Last week we told you the story of Matthew P., a Manhattan resident who, along with his two roommates, went for more than a month without receiving a single piece of mail from the US Postal Service.
Repeated calls and visits to his local Gracie Station post office did nothing to resolve the issue, though just before our story went to press, Matthew told us that he’d received a robo-email from the USPS promising him that his “recently submitted inquiry was forwarded to an office that is better suited to address [his] needs.”
So how did that work out? Matthew emailed us with an update: he is receiving mail again but there’s still no way of knowing what happened to his month’s worth of missing mail, especially since the “more suitable office” to solve his problem turned out to be—the same Gracie Station office that lost his mail in the first place.
What’s really sad is that Matthew is relatively lucky, so far as these things go: as a U.S. citizen whose mail’s gone missing, he does have the right to make formal complaints (even if said complaints are routinely ignored). Another reader, Tony F. of Sydney, Australia, can’t even do that much.
Hearing aids go missing
Tony wrote us on Sept. 16 to report that a package containing some badly needed hearing aids was shipped from Louisiana to his Down Under home on Sept. 4, but “as of 16 Sep 2013 it is still in Miami, FL [….] I note that unless you are in the USA you cannot inquire or complain through USPS channels. From what I read here it seems that USPS is a postal service in name only and is totally failing in providing the services it charges for. In this case, $50. The people who shipped the package have also been told there is no way of finding out what is happening and when, if ever, it will leave the US for Australia. USPS is a JOKE!”
Indeed, and the joke is on its customers. So what can you do to ensure your mail will actually be delivered? Conventional wisdom says it’s worth spending a little extra money to send packages or documents via certified mail or return receipt requested. Unfortunately, we know from personal experience that even this won’t necessarily work: in the summer of 2009 we were living in central Connecticut and waiting for our first-ever passport to arrive in the mail.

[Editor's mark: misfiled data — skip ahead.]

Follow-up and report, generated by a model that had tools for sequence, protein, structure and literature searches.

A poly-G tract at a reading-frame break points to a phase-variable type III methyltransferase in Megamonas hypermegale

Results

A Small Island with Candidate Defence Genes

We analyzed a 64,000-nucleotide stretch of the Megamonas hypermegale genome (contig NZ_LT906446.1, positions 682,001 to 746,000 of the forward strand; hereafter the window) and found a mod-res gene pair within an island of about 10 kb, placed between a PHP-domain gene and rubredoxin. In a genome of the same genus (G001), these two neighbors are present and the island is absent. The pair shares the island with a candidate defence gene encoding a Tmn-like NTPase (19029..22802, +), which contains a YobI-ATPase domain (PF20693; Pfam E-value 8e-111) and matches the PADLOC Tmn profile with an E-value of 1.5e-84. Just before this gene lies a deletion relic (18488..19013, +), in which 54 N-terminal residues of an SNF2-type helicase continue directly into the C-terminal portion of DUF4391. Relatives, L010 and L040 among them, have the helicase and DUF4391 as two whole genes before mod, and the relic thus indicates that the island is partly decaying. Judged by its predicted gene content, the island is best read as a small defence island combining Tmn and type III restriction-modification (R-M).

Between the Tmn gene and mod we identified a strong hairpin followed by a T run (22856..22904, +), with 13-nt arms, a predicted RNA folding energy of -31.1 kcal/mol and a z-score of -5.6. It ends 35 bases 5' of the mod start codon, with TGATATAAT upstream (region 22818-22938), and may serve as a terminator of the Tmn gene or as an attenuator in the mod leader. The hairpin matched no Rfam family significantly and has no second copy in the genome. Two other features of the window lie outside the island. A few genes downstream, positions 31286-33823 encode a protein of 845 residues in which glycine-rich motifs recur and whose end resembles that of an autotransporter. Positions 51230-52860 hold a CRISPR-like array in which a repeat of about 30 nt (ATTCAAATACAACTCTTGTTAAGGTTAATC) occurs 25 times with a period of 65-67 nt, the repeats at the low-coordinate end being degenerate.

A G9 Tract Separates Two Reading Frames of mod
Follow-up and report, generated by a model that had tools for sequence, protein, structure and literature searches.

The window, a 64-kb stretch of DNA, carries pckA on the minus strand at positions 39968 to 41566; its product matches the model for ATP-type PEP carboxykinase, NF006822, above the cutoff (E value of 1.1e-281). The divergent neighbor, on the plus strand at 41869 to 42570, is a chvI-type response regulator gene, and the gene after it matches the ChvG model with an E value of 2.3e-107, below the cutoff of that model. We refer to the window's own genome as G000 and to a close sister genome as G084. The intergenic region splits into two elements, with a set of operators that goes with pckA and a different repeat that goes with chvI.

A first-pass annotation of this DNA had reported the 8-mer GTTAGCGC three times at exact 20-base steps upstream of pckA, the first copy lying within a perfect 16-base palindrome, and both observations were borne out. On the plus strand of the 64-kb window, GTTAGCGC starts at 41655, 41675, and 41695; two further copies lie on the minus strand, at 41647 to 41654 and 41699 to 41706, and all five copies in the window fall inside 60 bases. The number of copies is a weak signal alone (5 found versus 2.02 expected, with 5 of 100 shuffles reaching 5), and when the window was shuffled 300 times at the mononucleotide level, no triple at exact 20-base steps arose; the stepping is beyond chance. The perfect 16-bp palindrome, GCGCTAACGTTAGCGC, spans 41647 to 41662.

The U.S. Department of State sent our passport via Priority Mail, with a tracking number. On July 7 we typed that tracking number into the USPS website and were horrified to discover that the passport had allegedly been delivered on June 29. On July 9, we formally reported the passport as “missing,” and the very next day, the now-invalidated passport (which, you recall, had allegedly been delivered to us two weeks before) finally arrived in our mailbox.
Carolina or Connecticut
Our birth certificate, which the USPS swore had also been delivered to our central Connecticut mailbox on June 29, turned up in a Charleston, South Carolina, passport office a couple of weeks later. (To be fair, though: Connecticut and South Carolina are at least in the same time zone,)
So, when federal officials working for the Department of State can’t even get their official national-security documents properly delivered, what’s an ordinary civilian to do?
Short of frequent and fervent prayer, perhaps the best course is to spend a few extra dollars and go with FedEx whenever possible. It's generally regarded as having the best overall record of reliability.